Interrupters are phrases that can be added to the middle of a sentence to express opinion, emphasis, or emotion. They should always be set off with commas both before and after. For example:
The outdoor concert, to my disappointment, was postponed due to inclement weather.
Similarly, parenthetical elements are phrases that supplement the information included in a sentence yet aren’t integral to the sentence’s meaning. These should also be set off with commas.
Carmen, to my surprise, arrived on time today.
An appositive is a reference to a noun that appears earlier in the same sentence. Appositives provide additional information about that subject. There are two types of appositives: essential and nonessential.
Essential appositives are necessary to the integrity of the sentence’s content; they can’t be removed without drastically altering the meaning of the sentence. These are not set off with commas.
Leo Tolstoy’s novel War and Peace is one of my favorites.
Nonessential appositives aren’t necessary to the sentence but are used to provide additional information about the subject. These are set off with commas. For example:
My English professor, Dr. Carlton, always assigns us homework.
Sometimes multiple adjectives are used to describe the same noun to the same degree. These are called coordinate adjectives and should always be separated by commas. You can easily identify these by switching the order of the adjectives; if the sentence still makes sense, they’re coordinate!
When you’re listing three or more items, you should separate each item with a comma. However, the comma between the final item and the “and” is called the Oxford (or serial) comma, and may or may not be used depending on which style guide you’re adhering to. Both of the following sentences are grammatically correct:
- I went to the library, the bakery, and the antique store today. (Correct in Chicago Style.)
- I went to the library, the bakery and the antique store today. (Correct in AP Style.)
In general, the Oxford comma provides clarity in sentences like this. While the particular example above is clear with or without the Oxford comma, there are other instances where it’s necessary to discern the meaning. In fact, there was a court case involving Oakhurst Dairy and their delivery drivers where the absence of an Oxford comma in a state law ended up costing the company $10 million. The sentence read:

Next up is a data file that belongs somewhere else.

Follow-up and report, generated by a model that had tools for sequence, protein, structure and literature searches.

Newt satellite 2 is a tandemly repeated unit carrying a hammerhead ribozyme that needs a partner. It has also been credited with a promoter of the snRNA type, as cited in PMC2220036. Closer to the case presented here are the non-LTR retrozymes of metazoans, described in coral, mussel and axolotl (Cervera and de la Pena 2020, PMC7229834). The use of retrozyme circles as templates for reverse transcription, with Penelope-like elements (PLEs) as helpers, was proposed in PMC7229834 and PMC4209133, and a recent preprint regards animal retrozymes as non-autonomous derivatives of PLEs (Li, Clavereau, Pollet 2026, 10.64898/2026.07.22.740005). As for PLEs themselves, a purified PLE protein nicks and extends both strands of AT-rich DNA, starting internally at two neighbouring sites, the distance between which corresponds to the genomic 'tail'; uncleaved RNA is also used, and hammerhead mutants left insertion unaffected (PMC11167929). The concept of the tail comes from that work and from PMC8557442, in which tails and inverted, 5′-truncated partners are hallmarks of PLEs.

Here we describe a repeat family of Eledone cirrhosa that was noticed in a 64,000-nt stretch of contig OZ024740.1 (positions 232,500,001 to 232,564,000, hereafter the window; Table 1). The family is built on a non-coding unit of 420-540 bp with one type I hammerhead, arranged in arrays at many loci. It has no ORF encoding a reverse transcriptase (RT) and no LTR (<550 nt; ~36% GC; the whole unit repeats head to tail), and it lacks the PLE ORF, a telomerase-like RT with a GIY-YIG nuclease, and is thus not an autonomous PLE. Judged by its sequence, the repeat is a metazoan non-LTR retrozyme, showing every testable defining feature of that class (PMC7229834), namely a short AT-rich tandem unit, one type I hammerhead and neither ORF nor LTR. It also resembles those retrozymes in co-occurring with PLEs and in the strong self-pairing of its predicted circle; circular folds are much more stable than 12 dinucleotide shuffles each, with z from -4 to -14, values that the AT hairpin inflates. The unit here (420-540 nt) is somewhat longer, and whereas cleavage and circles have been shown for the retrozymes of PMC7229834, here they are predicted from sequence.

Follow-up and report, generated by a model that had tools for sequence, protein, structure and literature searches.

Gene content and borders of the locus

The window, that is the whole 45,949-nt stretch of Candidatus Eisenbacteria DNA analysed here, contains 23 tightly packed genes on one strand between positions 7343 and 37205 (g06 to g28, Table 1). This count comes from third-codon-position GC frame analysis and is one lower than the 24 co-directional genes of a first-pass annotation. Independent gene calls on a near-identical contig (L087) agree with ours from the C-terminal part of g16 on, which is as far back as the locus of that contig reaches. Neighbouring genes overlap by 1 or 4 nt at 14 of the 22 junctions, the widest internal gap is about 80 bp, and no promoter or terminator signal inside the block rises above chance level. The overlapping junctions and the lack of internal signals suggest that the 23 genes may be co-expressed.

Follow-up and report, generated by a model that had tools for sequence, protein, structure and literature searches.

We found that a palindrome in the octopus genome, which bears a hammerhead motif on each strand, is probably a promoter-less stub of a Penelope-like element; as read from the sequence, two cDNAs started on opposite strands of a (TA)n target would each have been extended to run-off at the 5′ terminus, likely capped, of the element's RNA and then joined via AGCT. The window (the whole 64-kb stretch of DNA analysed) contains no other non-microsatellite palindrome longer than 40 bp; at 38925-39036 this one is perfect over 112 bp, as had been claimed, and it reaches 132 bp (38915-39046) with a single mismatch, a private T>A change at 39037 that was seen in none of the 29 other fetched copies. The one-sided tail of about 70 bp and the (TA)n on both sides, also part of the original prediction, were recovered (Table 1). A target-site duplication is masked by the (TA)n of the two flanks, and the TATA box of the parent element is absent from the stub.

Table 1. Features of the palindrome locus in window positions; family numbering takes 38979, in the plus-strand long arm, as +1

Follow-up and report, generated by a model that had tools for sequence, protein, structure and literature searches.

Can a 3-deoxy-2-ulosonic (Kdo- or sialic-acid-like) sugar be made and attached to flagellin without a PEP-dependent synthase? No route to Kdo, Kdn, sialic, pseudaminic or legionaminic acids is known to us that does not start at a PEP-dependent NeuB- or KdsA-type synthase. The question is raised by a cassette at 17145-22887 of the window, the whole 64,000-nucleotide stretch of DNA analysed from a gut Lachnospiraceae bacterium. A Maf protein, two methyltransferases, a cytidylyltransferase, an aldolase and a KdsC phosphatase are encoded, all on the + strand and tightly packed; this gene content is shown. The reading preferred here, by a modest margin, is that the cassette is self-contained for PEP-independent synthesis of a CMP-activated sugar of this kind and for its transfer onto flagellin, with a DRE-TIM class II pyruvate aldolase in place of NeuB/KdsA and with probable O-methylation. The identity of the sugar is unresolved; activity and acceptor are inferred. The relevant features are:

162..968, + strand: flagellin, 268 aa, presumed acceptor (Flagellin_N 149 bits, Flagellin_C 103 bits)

The canning, processing, preserving, freezing, drying, marketing, storing, packing for shipment or distribution of:
- Agricultural produce;
- Meat and fish product; and
- Perishable foods
Because of the lack of comma between “shipment” and “or” the court ruled that “packing for shipment or distribution” was a single activity rather than “packing for shipment” and “distribution” being two separate activities. Because of this, the delivery drivers were deemed to be entitled to overtime pay.
For anyone who says the Oxford comma is purely a stylistic choice, it can be vital to making your meaning clear.
Simply put, a nonrestrictive clause is nonessential information about something you’ve mentioned in a sentence; the clause could be removed without altering the meaning of the sentence. These should always be set off by commas. For example:
Downtown Donuts, where my sister works, is always busy in the morning.
Contrary to nonrestrictive clauses, restrictive clauses provide essential information that can’t be removed without changing the sentence’s meaning. These should never be set off by commas, and appear as such:
The book that Sophie recommended is definitely worth reading!
While there are many rules surrounding the proper usage of commas, they don’t have to be as mystifying as they first appear. This breakdown offers some of the common uses and misuses of commas and how to not only avoid them but correct them should you ever come across them in your writing. Learning the ins and outs of the English language may seem like quite a daunting task, but we hope we helped make it easier and more achievable through this guide.